Magazine article The Spectator

Did the Doctors Do It?

Magazine article The Spectator

Did the Doctors Do It?

Article excerpt

The death of Sir Thomas Overbury, apparently from poison, in the Tower of London in 1613, and the subsequent trials for his murder, are the most sensational scandal in English history. The trial of Jeremy Thorpe, with which the Overbury case has its parallels, might have matched it in impact had Thorpe been Prime Minister rather than merely the leader of a small party. Yet where the charges against Thorpe discredited an individual and his personal entourage, the Overbury trials made a whole system of power look rotten.

It took time for the allegations of poison to surface. In 1615-16 six people were found guilty of plotting or executing Overbury's murder. Four, the small fry, instruments not initiators, were hanged. The others were pardoned by the king: his favourite, Robert Carr, Earl of Somerset, and Somerset's wife Frances, daughter of the Lord Treasurer, Thomas Howard, Earl of Suffolk.

The Somersets were sensational people already. Carr, the youngest son of a Scottish knight, had risen spectacularly, by virtue of his physical appeal to King James I, to the place of first influence in England. Frances, a strikingly beautiful woman, had been married at the age of 15 to the 14-year-old Earl of Essex, the son of Elizabeth's favourite. In the month of Overbury's death, after a much-publicised commission headed by the Archbishop of Canterbury had accepted her claim that Essex was impotent, a nullity was granted and the path cleared for her to marry her lover, Carr.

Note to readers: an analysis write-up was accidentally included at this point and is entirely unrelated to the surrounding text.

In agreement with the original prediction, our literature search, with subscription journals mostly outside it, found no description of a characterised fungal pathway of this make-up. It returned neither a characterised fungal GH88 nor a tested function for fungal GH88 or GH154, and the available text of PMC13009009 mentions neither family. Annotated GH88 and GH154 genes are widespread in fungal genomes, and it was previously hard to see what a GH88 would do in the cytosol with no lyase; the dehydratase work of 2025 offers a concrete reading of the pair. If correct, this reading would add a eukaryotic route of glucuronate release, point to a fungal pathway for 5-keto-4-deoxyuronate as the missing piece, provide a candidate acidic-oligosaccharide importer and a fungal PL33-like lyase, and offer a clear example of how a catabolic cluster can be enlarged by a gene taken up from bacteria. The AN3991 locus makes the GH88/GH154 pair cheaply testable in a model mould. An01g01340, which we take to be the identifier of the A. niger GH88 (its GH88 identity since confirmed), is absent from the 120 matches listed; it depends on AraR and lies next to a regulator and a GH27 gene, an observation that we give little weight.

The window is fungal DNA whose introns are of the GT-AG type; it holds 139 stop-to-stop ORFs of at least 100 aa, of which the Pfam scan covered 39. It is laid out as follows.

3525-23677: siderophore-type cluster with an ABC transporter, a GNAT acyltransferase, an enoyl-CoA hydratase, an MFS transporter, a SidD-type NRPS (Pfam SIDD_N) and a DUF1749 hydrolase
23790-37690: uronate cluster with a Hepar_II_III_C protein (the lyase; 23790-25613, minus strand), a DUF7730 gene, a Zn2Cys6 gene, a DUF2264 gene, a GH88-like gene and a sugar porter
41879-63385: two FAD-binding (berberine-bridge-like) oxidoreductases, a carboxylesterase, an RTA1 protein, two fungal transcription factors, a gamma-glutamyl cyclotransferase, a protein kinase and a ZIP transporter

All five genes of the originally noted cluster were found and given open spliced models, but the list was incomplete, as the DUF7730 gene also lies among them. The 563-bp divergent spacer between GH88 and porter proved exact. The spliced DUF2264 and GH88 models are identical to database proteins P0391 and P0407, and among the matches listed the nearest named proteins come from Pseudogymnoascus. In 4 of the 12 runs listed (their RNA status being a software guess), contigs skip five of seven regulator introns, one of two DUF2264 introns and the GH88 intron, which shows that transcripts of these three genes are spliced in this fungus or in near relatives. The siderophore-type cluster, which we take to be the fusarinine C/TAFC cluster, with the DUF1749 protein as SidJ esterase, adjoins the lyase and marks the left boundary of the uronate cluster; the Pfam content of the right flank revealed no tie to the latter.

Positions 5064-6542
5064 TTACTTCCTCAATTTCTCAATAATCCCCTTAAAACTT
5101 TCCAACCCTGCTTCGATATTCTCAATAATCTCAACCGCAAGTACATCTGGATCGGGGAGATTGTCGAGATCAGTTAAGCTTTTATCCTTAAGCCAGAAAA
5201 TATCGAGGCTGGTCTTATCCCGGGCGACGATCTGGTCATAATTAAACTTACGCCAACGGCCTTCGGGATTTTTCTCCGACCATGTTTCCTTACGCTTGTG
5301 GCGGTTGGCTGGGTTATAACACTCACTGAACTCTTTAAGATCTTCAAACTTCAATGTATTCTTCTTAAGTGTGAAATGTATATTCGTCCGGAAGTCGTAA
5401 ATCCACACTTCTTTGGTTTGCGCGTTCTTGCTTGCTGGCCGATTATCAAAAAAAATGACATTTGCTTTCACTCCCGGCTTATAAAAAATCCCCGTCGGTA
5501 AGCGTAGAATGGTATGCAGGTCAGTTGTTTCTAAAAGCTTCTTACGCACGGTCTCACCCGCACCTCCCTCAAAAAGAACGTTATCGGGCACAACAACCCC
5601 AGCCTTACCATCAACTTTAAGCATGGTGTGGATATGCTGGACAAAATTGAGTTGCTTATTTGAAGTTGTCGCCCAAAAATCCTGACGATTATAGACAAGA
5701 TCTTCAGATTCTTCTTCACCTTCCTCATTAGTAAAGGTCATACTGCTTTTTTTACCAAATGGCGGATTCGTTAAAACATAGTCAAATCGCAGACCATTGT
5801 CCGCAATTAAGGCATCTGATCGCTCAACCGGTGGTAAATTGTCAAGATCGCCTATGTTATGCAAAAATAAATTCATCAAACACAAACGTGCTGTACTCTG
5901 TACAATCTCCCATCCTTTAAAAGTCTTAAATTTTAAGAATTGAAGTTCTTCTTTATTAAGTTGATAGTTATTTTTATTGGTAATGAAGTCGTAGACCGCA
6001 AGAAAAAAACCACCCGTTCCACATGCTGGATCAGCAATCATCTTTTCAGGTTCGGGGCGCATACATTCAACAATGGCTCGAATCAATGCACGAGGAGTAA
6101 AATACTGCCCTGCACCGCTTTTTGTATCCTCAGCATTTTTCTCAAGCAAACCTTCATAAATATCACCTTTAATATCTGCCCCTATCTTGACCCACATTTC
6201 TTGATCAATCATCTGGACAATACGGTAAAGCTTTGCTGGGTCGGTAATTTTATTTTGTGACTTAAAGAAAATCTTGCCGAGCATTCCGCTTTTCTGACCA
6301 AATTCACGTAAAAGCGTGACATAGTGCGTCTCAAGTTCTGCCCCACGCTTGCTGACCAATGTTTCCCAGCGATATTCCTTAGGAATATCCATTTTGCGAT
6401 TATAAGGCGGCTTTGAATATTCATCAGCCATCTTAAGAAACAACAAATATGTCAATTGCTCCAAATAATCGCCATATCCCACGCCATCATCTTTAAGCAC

Overbury, Carr's intimate friend and possibly at some stage his lover, had risen to influence alongside him. More intelligent than Carr, he was able to summarise for him the state papers Carr found so wearisome and perplexing. Overbury also seems to have known incriminating things about Carr's past, though it is impossible to discover what they were. A man of overweening arrogance, he was not afraid to use his power when Carr's relationship with Frances set the two men at odds. The Howards, Frances' family, turned on Overbury. So did the king, who with questionable legality sent him to the Tower for refusing the diplomatic post that had been intended to get him out of the way.

There Overbury was given allegedly poisoned tarts and jellies and, when those failed, the enema of mercury sublimate that supposedly killed him. …

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